January 2, 2013
From engineers in Singapore to sales directors in London to numerous department heads and executive team members in the U.S., we combed far and wide to arrive at video predictions for 2013. What started as a baker’s dozen has been boiled down to three major trends wrapped around the concepts of touch, transmedia and truth.
1. 2013: A touchy subject.
Advertisers will add a fourth dimension—touch—to sight, sound and motion on a major scale. We base this prediction on the growing demand among our own clients for interactive video advertising.
Given this upward trend, we believe marketers across the board will finally realize that they are missing a big opportunity when they repurpose a TV spot for the web and call it a day. As such, marketers and their agencies will conceptualize and create complementary interactive video content when brainstorming their brand’s big (TV) idea. They will start to shoot extras, outtakes, content for the “making of” video and other editorial content that will serve as interactive invitations to engage with the brand on all screens.
Think interviews with the actors in the commercial, or the director; plus games, coupons, look books. At the same time, online video will become more custom. Precise targeting will mean different video footage for each audience, including unique takes on messaging, editing, and product demos. To get there, marketers will borrow from print budgets, not TV. Marketers and consumers will continue to love the biggest screen in the house, and TV and digital video will live happily—and effectively—ever after.
Speaking of having a blast with content creation, we believe at least one major brand will take this idea even further for the Super Bowl. This brand at the end of 2013 will digitally test creative ahead of the 2014 game, effectively using online video as the world’s largest and almost instantaneous focus group. This brand will run various interactive video ad units to see which garner the most engagement and buzz in the weeks leading up to the game. Based on metrics, the brand will run with the clear winner at half-time, thereby removing some of the “high” from the high-stakes bet.
2. The Golden Age of Video: Transmedia Rises as Goddess.
From Walking Dead e-cards—which are either frightening or oddly funny depending on your perspective—to a Spartacus game where the show’s fans fight for the favor of Rome, transmedia is helping TV shows gain and attract new audiences through cross-platform and participatory storytelling. What’s more, the 2013 edition of the Tribeca Film Festival will accept transmedia entries for the first time while Disney’s 2012-2013 Living Worlds program has been pushing the limits of immersive storytelling.
In 2013, we believe advertisers outside the entertainment category will jump on the transmedia bandwagon in a big way by borrowing from studio playbooks. Media planners as a result will embrace agnostic planning across all the screens available to them. TV and video will rule branding to the detriment of print, outdoor, radio and online display advertising.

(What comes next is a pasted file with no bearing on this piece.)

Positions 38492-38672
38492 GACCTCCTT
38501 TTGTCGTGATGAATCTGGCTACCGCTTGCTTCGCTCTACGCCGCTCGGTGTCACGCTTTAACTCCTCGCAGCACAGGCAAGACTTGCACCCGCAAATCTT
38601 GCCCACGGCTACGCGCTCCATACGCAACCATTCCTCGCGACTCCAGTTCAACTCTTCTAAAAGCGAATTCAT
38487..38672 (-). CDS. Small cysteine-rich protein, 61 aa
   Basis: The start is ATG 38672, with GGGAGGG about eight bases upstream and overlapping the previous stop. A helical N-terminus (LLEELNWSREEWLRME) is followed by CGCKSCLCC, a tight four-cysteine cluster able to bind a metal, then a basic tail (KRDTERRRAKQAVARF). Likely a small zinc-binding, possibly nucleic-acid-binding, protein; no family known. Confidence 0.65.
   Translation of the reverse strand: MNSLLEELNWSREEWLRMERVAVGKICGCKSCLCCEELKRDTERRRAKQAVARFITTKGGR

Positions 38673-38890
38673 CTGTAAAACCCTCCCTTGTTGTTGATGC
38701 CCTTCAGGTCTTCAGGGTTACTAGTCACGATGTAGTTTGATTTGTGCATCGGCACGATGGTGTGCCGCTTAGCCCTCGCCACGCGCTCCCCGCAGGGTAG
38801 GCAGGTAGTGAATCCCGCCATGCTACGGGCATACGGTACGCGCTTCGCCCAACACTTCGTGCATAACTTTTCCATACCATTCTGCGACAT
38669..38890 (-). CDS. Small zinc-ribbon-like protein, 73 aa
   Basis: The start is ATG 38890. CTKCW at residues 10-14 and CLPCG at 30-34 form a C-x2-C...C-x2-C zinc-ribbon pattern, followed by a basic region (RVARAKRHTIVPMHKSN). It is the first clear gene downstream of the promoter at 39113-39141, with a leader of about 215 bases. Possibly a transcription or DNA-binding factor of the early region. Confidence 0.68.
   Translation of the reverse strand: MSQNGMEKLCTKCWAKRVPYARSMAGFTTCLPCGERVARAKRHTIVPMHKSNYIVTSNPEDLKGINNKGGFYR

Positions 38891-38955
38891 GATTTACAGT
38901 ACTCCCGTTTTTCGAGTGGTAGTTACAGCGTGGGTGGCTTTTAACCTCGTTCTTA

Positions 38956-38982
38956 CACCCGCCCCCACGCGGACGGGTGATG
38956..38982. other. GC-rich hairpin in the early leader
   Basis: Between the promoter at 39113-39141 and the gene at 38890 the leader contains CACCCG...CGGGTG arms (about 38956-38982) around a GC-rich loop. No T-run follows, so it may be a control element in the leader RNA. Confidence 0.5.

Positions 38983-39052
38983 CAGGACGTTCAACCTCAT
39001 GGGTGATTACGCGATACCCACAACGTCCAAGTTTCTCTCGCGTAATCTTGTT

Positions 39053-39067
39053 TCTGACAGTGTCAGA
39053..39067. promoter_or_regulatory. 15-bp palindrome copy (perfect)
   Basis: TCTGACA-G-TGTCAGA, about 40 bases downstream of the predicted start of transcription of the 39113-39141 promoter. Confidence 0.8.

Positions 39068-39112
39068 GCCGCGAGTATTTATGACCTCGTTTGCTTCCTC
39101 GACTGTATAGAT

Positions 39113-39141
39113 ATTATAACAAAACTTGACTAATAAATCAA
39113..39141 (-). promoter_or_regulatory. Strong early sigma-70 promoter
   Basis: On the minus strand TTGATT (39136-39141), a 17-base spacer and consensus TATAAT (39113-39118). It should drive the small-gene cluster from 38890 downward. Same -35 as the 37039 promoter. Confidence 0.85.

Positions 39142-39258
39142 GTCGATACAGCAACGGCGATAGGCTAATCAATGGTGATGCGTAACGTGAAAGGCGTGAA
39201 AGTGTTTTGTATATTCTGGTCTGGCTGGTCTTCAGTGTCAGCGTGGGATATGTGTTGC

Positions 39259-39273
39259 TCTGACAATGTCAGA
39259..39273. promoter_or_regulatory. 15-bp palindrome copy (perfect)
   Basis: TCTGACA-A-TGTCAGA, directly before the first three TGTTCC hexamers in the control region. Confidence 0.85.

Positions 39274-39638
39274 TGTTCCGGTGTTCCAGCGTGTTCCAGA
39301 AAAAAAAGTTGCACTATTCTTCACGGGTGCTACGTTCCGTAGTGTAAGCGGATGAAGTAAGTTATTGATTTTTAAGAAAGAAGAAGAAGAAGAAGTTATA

We dare marketers to go big with original web content plus games, Facebook and Twitter feeds for characters, chances for fans to create the back story or suggest future story lines. Digital video will be at the center, delighting viewers who increasingly think, “Isn’t all content digital now anyway?” And marketers will be delighted with measurable ROI.
3. Truth in Advertising with Effective Rating Points.
For 60 years, the GRP has been the holy grail. But in 2013, marketers will feel extra lucky, as more light bulbs go off about ERPs: effective rating points. Okay, we get it, there is more work to be done as an industry to arrive at a common measurement standard but effectiveness will be at the core and should be.
Such standards will break the myth that audience-targeting is the alpha and the omega. It doesn’t always work—factors such as publisher, type of editorial content and day-part can have a much bigger impact on engagement than being a woman 18-34. We all know that men watch ads for laundry detergent sometimes, and buy it, and women definitely watch ads for men’s deodorant, and buy it. (We’ve seen the quant and heard the qual.)
And don’t take this the wrong way but sometimes your creative just isn’t right for your target audience, or maybe your target audience isn’t who you think it is. As such, gender-stereotyping will become 2013’s big no-no if you’re after a competitive advantage.
Continuing the Conversation
Time will tell if we are right or wrong. We plan to track progress on these and related issues throughout the year via blog posts and other updates. So check back with us—let’s continue the conversation about the rapidly evolving world of digital video.
 Our revenue from interactive formats nearly doubled from Q1 to Q4.
 This prediction is grounded in an upward 2012 trend here at Tremor Video: In Q4, 55% of our mobile revenue came from interactive ad units, up from 12% in Q1. More than 1.21 billion smartphones will be bought worldwide next year (Gartner), further driving brands’ desire to engage these tech-savvy consumers with engaging video.
 Using VideoHub, Tremor Video’s operations and analytics platform, we have uncovered instances where ad campaigns targeted at one gender have actually resonated better with the other. During our Video Lives ethnographic study, we interviewed 35 families around the world and in each case fathers said they bought household goods for the family unit—an indication that targeting only women for such products is an antiquated idea.